February 22, 2016
The battle between terrorism and privacy has been brewing for quite some time, and the tipping point was the iPhone belonging to Syed Rizwan Farook, who, with his wife, opened fire at an office party in December 2015, killing 14 people and injuring 22. The FBI has been trying to decrypt Farook’s phone, unsuccessfully, and asked Apple to create a “backdoor” code into the phone. Apple refused, and now a court order gives the Silicon Valley company five days to comply. Chief executive Tim Cook is holding firm.
Apple has already said it will fight the order, notes The Wall Street Journal, “setting the stage for what both sides expect will be a precedent-setting case in an era of ubiquitous smartphones.” Both sides, says WSJ, expects the legal fight to reach the Supreme Court, “and the possibility that the case could prompt Congress to act.” Cook has gone so far as to publish a letter to Apple customers explaining the company’s stance.
Former senior FBI official Ron Hosko notes that, “the FBI has been looking for some time for the right case to make a broader point about the dangers of phone encryption.” Several authorities have weighed in on the FBI’s side. The Manhattan district attorney’s office stated that iPhone encryption has “kept it from executing about 155 search warrants” for cases including “homicide, attempted murder, sexual abuse of a child, sex trafficking, assault and robbery.”
Senator Tom Cotton said that “Apple chose to protect a dead [Islamic State] terrorist’s privacy over the security of the American people.’’
But Cook, for whom privacy has long been a concern, has also received “letters from around the globe” thanking him for standing up for privacy rights, reports The New York Times. Cook also noted, however, that Apple has helped the FBI in the current case, sending engineers to San Bernardino, California to help the FBI unlock Farook’s phone.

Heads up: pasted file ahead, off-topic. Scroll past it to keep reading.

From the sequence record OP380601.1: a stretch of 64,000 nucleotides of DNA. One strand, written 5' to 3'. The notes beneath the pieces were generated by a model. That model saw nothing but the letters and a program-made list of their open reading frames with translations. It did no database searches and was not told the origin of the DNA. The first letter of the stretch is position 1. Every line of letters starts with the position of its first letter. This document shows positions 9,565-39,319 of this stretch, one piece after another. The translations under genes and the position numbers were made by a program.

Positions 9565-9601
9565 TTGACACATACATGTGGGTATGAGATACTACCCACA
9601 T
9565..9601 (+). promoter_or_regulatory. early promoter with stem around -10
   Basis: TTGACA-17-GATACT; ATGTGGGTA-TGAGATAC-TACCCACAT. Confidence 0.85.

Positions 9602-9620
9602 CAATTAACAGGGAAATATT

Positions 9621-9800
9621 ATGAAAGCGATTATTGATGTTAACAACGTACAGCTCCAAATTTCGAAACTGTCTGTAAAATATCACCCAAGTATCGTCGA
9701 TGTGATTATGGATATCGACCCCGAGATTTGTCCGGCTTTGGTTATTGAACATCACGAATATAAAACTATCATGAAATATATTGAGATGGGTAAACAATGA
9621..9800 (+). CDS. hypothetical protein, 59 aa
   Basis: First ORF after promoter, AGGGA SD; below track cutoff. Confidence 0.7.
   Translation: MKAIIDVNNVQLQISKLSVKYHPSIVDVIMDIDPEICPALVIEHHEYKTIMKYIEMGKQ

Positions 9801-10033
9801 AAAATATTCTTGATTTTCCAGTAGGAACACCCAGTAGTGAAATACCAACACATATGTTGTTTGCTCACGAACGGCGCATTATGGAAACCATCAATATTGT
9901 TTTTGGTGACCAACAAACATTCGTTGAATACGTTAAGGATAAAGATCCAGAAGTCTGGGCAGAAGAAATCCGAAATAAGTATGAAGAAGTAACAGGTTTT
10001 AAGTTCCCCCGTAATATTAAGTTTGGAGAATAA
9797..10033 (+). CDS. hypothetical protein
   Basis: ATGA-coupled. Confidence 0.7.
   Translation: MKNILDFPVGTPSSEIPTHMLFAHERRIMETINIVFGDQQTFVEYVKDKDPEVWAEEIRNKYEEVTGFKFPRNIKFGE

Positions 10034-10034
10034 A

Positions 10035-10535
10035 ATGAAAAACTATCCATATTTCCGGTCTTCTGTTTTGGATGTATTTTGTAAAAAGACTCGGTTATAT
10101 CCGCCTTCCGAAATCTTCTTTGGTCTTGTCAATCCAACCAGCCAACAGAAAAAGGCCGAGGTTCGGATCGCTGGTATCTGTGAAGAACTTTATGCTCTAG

Google chief executive Sundar Pichai has signaled his support for Cook, says NYT. And while other technology chiefs have added their names, they’ve been slow to do so and muted in their response, often not mentioning the specific case in question.
The public’s response has also been split, notes NYT, with a CBS News poll showing that 54 percent of the public, regardless of party affiliation, were “very or somewhat concerned about the loss of privacy,” due to the government’s efforts to combat terrorism, “while 44 percent were not very concerned or not at all concerned.”
Yet 46 percent of Americans “said they were more apprehensive that the government would fail to enact strong antiterrorism laws.” Polls have yet to be conducted on public opinion of Apple, although the company usually has high favorability.
Facebook, Twitter Back Apple CEO Tim Cook in Security Fight with FBI, Re/code, 2/18/16
Apple-FBI Phone Fight Gets Technical, The Wall Street Journal, 2/21/16
In Apple vs. the FBI, Americans Want the Phone Unlocked, The Wall Street Journal, 2/20/16
Apple Still Holds the Keys to Its Cloud Service, but Reluctantly, The New York Times, 2/21/16
Secret Memo Details U.S.’s Broader Strategy to Crack Phones, Bloomberg, 2/19/16
Why Encryption Fight Divides AT&T and Apple, The Wall Street Journal, 2/18/16